As I tell audiences: Do you generally believe someone who won't look you in the eye? It's true that we look away more in a conversation when we're speaking than when we're listening. If you're like most people, then, work on increasing your eye contact when you're the one talking.
And listen! Most of us have poor listening skills (ask your significant other). When we patiently wait to hear all of what's being said before we mentally start to answer, we hear more accurately what the person is actually saying. And summarizing what you've heard is always helpful: "So, what I think you're saying is . . . " Good eye contact and superior listening skills create a strong impression and, incidentally, will place you in a treasured minority.
Your Vocal Impact: When the Voice Rules
Finally, your voice is a powerful and efficient resource in terms of influencing how others think and feel about you. Confidence, authority, warmth and empathy, liveliness, trustworthiness, patience and interest in others—these are the attributes (or their opposities) people hear just from the sound of your voice. And that's not to mention the sheer pleasure we gain in hearing some voices. Do you like listening to Morgan Freeman?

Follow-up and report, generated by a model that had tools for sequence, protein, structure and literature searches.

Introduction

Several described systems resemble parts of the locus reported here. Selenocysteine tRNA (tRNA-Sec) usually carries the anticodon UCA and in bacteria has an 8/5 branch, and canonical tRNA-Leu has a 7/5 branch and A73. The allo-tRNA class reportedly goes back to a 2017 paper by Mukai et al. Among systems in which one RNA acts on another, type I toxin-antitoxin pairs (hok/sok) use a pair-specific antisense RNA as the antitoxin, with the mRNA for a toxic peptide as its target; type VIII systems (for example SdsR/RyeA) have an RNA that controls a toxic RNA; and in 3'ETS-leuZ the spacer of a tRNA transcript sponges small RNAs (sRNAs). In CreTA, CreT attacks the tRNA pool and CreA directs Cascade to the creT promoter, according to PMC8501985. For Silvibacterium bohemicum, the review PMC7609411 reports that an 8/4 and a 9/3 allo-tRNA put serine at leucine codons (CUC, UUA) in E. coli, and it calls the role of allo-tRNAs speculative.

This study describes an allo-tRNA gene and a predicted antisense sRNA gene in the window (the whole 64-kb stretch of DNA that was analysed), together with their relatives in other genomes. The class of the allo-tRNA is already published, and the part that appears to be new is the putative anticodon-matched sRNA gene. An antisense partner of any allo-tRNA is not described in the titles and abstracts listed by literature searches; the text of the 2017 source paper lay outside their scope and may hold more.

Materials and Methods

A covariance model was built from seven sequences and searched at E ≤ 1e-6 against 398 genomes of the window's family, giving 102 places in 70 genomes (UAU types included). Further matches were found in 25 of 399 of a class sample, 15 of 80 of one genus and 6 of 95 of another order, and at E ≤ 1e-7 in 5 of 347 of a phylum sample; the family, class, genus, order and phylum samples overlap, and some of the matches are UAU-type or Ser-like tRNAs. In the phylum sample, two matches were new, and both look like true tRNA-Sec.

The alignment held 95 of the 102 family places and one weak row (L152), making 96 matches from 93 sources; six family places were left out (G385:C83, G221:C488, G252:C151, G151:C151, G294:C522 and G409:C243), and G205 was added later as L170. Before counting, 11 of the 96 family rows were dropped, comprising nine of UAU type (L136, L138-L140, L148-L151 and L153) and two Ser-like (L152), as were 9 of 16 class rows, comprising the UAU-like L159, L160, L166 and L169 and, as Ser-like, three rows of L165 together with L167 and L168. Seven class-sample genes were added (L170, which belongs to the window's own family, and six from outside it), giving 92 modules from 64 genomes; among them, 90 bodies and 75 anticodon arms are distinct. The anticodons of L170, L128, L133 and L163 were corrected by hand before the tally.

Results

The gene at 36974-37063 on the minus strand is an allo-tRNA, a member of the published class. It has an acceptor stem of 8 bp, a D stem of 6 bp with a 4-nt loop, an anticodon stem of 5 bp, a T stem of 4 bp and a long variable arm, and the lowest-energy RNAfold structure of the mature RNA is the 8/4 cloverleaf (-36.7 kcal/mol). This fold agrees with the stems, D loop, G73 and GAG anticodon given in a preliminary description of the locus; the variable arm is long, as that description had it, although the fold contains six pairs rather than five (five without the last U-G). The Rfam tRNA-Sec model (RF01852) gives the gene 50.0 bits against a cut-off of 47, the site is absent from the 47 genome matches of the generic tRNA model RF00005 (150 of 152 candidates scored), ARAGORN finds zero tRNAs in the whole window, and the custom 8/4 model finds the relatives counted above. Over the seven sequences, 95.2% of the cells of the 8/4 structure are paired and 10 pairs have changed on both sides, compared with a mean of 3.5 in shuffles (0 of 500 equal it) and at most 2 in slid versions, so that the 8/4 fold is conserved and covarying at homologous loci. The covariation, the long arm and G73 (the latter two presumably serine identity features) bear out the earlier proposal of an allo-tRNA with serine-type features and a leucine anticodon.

Recently, a company hired me to train its employees in improving vocal skills on the phone. Much of that firm's business is conducted in conference calls with clients, and the leadership team recognized the importance of voice in these interactions. It's true that visuals tend to dominate in-person interactions. But take away those visuals, as in a phone conversation or conference call, and the importance of your vocal skills mushrooms. At these times, you are only a vocal persona. If you're not strong in this area, it's time for voice and speech improvement.